I too used to think that you had to do a lot of cooking on low-carb. In fact, it was the excuse I gave myself when my weight would stall or climb during the times of year when my health issues flared such as the I'm experiencing now and every November, as the weather gets colder and wetter. Such weather always aggravates arthritis and fibromyalgia quite severely. I don't have pain meds strong enough to be comfortable, so I spend a lot of time under a comforter and electric blanket until I get accustomed to the wheater (for me, weather change is much worse than consistent cold or otherwise unpleasant weather. In the spring and fall are the worst, and I'd rather have ten days of rain than inconsistent weather - guess I shouldn't live in the midwest if I want consistent weather.)
To eat low-carb without cooking, you still do have to You have to plan ahead, but there are a lot of ready-to-eat foods that can be incorporated into Atkins and other low-carb plans quite easily.
Rotisserie chickens are the obvious choice, but canned meats and fish are another. Cheese cubes. Raw veggies and flavored cream cheese...
Eating out is a challenge, but there are a lot of grab-and-go low-carb foods.
Although there are quite a few salad options if you bring your own dressing.
Ironically, convenience stores are a great source of low-carb options (you just have to eat things a little differently). Our KwikTrip gas station sells a lot of hot foods like burgers, brats, hot dogs. I sometimes buy the burgers or the jalapeno dogs (an Oscar Meyer Product, that I believe fits into induction, if I'm remembering correctly) and would just remove the bun on the hamburger, or not use on on the hot dogs (the hot dogs were on those rolling grills, so I'd just take two hot dogs without buns and would hit the condiment tray for onions and a bit of ranch dressing, salsa or mustard).
Subway salads were an easy choice (some of their dressings too).
For me, fast food isn't as big of a concern, so most of my ready-to-eat items are needed during sick and down days at home. I can plan ahead and cook and use freezer meals (and I do that too), but I also buy a lot of ready-to-eat stuff for bad days. Sometimes boiling eggs is about the extent of my cooking abilities, so I boil a dozen at a time.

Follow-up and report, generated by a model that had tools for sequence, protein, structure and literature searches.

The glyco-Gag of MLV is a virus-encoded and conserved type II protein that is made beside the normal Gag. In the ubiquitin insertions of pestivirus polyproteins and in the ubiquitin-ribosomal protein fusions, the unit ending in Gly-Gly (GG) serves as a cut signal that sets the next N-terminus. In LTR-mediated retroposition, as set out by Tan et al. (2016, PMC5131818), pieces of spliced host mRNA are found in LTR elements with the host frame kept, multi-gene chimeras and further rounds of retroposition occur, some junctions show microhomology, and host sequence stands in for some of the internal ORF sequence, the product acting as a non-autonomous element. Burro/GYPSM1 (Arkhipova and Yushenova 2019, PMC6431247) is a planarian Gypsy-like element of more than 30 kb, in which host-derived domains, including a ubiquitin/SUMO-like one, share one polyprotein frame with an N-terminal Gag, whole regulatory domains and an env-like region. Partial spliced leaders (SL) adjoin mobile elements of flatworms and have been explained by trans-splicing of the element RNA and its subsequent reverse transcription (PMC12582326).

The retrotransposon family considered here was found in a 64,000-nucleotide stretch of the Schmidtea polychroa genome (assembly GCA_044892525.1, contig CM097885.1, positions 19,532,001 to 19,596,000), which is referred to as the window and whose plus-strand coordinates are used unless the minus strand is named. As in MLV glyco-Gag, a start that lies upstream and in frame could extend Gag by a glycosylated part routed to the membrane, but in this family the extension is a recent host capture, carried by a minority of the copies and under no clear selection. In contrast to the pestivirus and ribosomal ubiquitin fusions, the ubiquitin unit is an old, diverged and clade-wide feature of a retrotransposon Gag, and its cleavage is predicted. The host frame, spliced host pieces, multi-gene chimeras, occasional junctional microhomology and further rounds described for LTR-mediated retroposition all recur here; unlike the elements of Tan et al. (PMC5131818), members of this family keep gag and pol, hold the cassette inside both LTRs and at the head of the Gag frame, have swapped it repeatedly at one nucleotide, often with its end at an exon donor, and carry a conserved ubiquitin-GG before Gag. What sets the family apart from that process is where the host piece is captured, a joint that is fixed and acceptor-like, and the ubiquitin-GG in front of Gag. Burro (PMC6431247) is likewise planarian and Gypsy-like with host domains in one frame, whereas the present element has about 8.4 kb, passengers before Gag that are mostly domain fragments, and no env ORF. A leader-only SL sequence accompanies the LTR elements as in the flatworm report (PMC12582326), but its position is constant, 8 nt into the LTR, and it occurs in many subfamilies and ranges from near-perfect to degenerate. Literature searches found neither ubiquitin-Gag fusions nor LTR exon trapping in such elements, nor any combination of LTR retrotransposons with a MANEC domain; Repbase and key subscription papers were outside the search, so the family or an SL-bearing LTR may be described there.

Asian groceries are great sources for canned fish. I love these little cans of fish (Smiling Fish is an especially good brand), sardines and mackerel, in flavored sauces (you do have to read the labels, because a few of the flavors are higher in carbs, but most are very low). They come in all sorts of flavors, including spicy curries. I bought one as a novelty (hoping it would be good, but expecting it to be nasty - instead I thought it was awesome).
Even in the ordinary grocery stores there are a lot of ready-to-eat low-carb options, but you have to explore the grocery store with new eyes, looking for foods that will work - and food combinations you might not have ever thought of before (I do a lot of lunches that my italian grandmother would have called antipasta, cold cuts and cheese with lettuce and other cold veggies and an assortment of olives and pickles).
I know that soy tvp is a gray area for Atkins. It's high enough in protein and low enough in carbs to fit into first week OWL if not induction, but because soy is a legume it ordinarily wouldn't be added until much later in OWL. That's a shame, because tvp comes in handy as a breakfast cereal (sort of like grapenuts in flavor and texture) with almond milk and maybe some Splenda and cinnamon. Still it's not something to eat tremendous amounts of, for a variety of reasons that really have nothing to do with the carb count.